7 Things About Apple’s iPhone Launch 7 Years Ago
This is a rare video segment, that I’m not sure has been released anywhere. It’s a chunk of b-roll footage of the iPhone’s features being demonstrated that was used in various commercials and demo spots — and during the keynote in 2007. It gives a great overview of what the iPhone looked like at launch.
“iPhone is a revolutionary and magical product that is literally five years ahead of any other mobile phone,” said Steve Jobs, Apple’s CEO at the time of the iPhone’s announcement in January. “We are all born with the ultimate pointing device—our fingers—and iPhone uses them to create the most revolutionary user interface since the mouse.”
And this footage showed off an interface unlike anything anyone had seen at this point.
Note: because this is b-roll, there is no sound for most of it.
Gallery Featured Image Credit: Anuj Biyani
The iPhone first went on sale in the US on June 29, 2007 at 6:00 PM.
Here’s the crush of media and line-waiters at Apple’s 5th Avenue flagship store on launch day. This is well before the ennui related to Apple device lines set in. Pretty much everyone was enthusiastic about getting their hands on the iPhone — and lines were the only way to do it as you couldn’t get them by mail for weeks.
A view from inside an Apple store on launch day. As crazy as this looks, it was actually even moreso. Now, we treat it as par for the course that people will line up for a new iPhone, and other companies try to duplicate the headline-grabbing line phenomenon with their launches.
But, before the iPhone, waiting in line overnight for a new gadget was as rare as waiting in line overnight for a movie was before Star Wars Episode I in 1999.
As of April 23, 2014, Apple has sold over 515.62M iPhones, making it the most successful smartphone ever.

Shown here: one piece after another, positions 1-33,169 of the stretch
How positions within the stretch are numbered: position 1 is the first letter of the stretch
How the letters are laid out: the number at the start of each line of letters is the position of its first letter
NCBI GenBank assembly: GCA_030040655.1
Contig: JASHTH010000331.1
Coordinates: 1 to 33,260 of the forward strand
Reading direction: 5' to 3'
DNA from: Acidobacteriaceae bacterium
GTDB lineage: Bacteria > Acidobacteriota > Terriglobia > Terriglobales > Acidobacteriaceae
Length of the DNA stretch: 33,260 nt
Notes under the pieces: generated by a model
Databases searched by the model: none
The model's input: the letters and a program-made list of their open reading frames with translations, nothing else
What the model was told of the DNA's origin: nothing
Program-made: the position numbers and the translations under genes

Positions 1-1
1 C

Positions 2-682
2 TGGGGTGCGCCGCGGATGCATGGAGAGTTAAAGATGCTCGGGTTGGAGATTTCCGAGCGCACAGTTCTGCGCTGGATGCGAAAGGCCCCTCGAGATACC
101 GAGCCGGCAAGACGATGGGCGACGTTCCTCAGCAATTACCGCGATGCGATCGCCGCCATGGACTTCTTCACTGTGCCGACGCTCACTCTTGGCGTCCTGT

On launch day people mobbed Apple Stores and AT&T stores — which was the only carrier to have the iPhone — wiping out stock. iPhone users would grow to detest AT&T (then called Cingular), whose service wasn’t up to the task of keeping up with their heavy web browsing habits. Fun fact: Verizon was originally offered a deal to carry the iPhone but turned it down, which allowed AT&T to ride enormous demand for the device to overtake the bigger carrier.
Image: John Pastor
The original iPhone press release holds some gems that stand out now. Yahoo! Mail was the preferred partner, as the world’s largest email service.
Now, the iPhone recommends Apple’s own iCloud mail, with Gmail the first among the third-party choices.
The 3.5″ display was considered huge at the time, which is funny because this essentially means Apple was a pioneer in the ‘huge screen phone’ market. A market that it is rumored to re-enter this year with screens over the current 4″ max.
The iPhone’s 2MP camera may seem terrible by today’s standards, but the way the software supported it was unheard of — today, Apple says more pictures are taken with the iPhone than any other camera in the world. And Flickr’s stats back that up. The iPhone sweeps the top 4 slots on its charts.
Image Credit: John Pastor
Remember, all of the phones we had been using had physical controls of some kind, even if the screen was touch-based. This is the jump that most people were making at the time. A color screen? Maybe. Touch? No way.
Today, touch is considered absolutely integral to any smartphone.
Image Credit: Geoff Stearns
The most important launch for the iPhone, though, wasn’t in 2007, it was several months later in early 2008. Apple’s strength has always been in integrating hardware and software. And, despite an early reluctance to open up the precious iPhone to third-party developers, Jobs relented and they announced the iPhone software SDK in March of 2008. That SDK would allow developers to build apps — which would be the key to the iPhone’s long-term success. Today, there are over 1.2M apps on the App Store and over 800 apps are downloaded every second.
That, and not the revolutionary hardware, would be the success that cemented Apple’s place in the next era of portable computing.